The problem with pyramid-selling is that the number of potential recruits is limited, meaning that those on the bottom levels have no chance of making money. Inevitably, the scheme collapses under its own weight long before the 60 million are recruited, and while those at the top of the pyramid will no doubt have made considerable gains, the vast majority of subscribers lose their money. When a scheme collapses, those who set it up, who may well have made large profits, are tempted simply to start all over again.
The activities of pyramid-salesmen in Britain have alarmed the Department of Trade and Industry, which has closed some of the larger schemes on the grounds that they are against the public interest. Alchemy UK, one of the most controversial, was wound up after taking pounds 3m of investors' money. Participants were promised a return of pounds 31,775 each after making 24 monthly payments of pounds 75.
Another company, FPW, offered the Midas plan - computer-generated - and claimed to turn pounds 140 into pounds 600 as many times as investors liked. Some 20,000 people bought into the dream, eventually losing a total of pounds 6m.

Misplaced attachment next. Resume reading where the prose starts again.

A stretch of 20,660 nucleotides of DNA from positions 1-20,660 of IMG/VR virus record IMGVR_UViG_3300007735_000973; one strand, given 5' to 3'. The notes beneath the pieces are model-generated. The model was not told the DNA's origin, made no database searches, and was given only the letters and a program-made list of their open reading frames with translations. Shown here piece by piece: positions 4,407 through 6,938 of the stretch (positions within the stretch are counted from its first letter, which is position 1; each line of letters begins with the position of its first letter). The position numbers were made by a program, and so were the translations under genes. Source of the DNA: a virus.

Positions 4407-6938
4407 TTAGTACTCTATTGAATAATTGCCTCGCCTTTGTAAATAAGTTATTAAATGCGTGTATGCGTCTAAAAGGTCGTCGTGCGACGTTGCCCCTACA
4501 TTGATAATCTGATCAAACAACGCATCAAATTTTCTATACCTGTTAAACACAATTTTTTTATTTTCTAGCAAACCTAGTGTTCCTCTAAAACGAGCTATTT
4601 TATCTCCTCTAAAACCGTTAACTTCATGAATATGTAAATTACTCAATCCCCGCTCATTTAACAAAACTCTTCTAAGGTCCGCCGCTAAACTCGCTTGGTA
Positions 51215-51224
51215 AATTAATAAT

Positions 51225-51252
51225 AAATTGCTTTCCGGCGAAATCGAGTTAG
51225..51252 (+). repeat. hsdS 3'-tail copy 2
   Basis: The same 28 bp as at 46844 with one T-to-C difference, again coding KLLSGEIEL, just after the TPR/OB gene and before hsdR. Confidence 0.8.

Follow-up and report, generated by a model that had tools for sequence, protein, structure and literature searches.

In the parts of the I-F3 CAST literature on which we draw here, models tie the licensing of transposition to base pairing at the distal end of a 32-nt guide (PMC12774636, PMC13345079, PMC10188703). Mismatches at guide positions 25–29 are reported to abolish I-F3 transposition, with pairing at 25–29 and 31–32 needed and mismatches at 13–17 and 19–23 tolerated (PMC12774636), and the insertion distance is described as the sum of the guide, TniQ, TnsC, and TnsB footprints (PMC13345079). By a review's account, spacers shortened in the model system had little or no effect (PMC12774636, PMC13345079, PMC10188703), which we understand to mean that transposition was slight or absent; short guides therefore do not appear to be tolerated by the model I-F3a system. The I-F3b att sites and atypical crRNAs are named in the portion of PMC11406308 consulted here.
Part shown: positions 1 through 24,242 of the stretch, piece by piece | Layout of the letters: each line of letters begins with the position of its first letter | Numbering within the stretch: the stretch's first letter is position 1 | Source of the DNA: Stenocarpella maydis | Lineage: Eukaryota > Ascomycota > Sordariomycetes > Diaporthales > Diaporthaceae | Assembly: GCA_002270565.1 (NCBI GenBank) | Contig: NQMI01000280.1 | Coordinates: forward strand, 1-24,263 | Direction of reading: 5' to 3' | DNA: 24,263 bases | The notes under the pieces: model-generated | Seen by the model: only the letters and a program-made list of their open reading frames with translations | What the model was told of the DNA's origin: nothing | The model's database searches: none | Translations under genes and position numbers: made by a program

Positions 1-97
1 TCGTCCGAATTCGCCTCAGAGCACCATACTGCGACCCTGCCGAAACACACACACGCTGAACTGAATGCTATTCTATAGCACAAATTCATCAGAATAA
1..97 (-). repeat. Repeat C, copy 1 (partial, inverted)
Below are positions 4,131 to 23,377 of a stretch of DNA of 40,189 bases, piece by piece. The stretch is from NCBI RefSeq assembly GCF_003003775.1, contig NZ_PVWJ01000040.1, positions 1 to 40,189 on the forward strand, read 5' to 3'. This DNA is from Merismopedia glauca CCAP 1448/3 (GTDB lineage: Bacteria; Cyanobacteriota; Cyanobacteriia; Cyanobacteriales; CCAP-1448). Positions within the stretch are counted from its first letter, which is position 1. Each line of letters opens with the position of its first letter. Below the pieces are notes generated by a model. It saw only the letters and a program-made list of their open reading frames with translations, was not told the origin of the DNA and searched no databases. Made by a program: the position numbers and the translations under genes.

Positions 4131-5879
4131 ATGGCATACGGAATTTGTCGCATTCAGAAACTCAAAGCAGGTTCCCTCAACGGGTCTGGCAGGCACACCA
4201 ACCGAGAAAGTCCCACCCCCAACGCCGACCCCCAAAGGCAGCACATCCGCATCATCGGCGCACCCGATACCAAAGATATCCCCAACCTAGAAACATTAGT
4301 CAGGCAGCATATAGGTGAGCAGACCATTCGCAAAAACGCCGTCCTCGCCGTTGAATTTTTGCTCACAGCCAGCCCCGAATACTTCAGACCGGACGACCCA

Last year, Lord Woolf, Master of the Rolls, described pyramid-selling schemes as "pernicious and evil".
He said that such operations break the law when "they involve those who set up, promote, purvey and administer the scheme, in criminal offences".
Lord Woolf was speaking in the Court of Appeal as he outlawed Titan Business Club, a 10,000-strong scheme which stirred its members to ever greater recruitment activity at Revivalist-style rallies.
Earlier this month, a Private Member's Bill banning money circulation pyramid schemes finally became law. Previous legislation, passed in the Seventies, had proved ineffective against operations which had no product to sell. Instead, regulators used provisions in the Companies Act to ask the High Court to shut down pyramids, a slow process which has been used to close 18 operations in the past three years.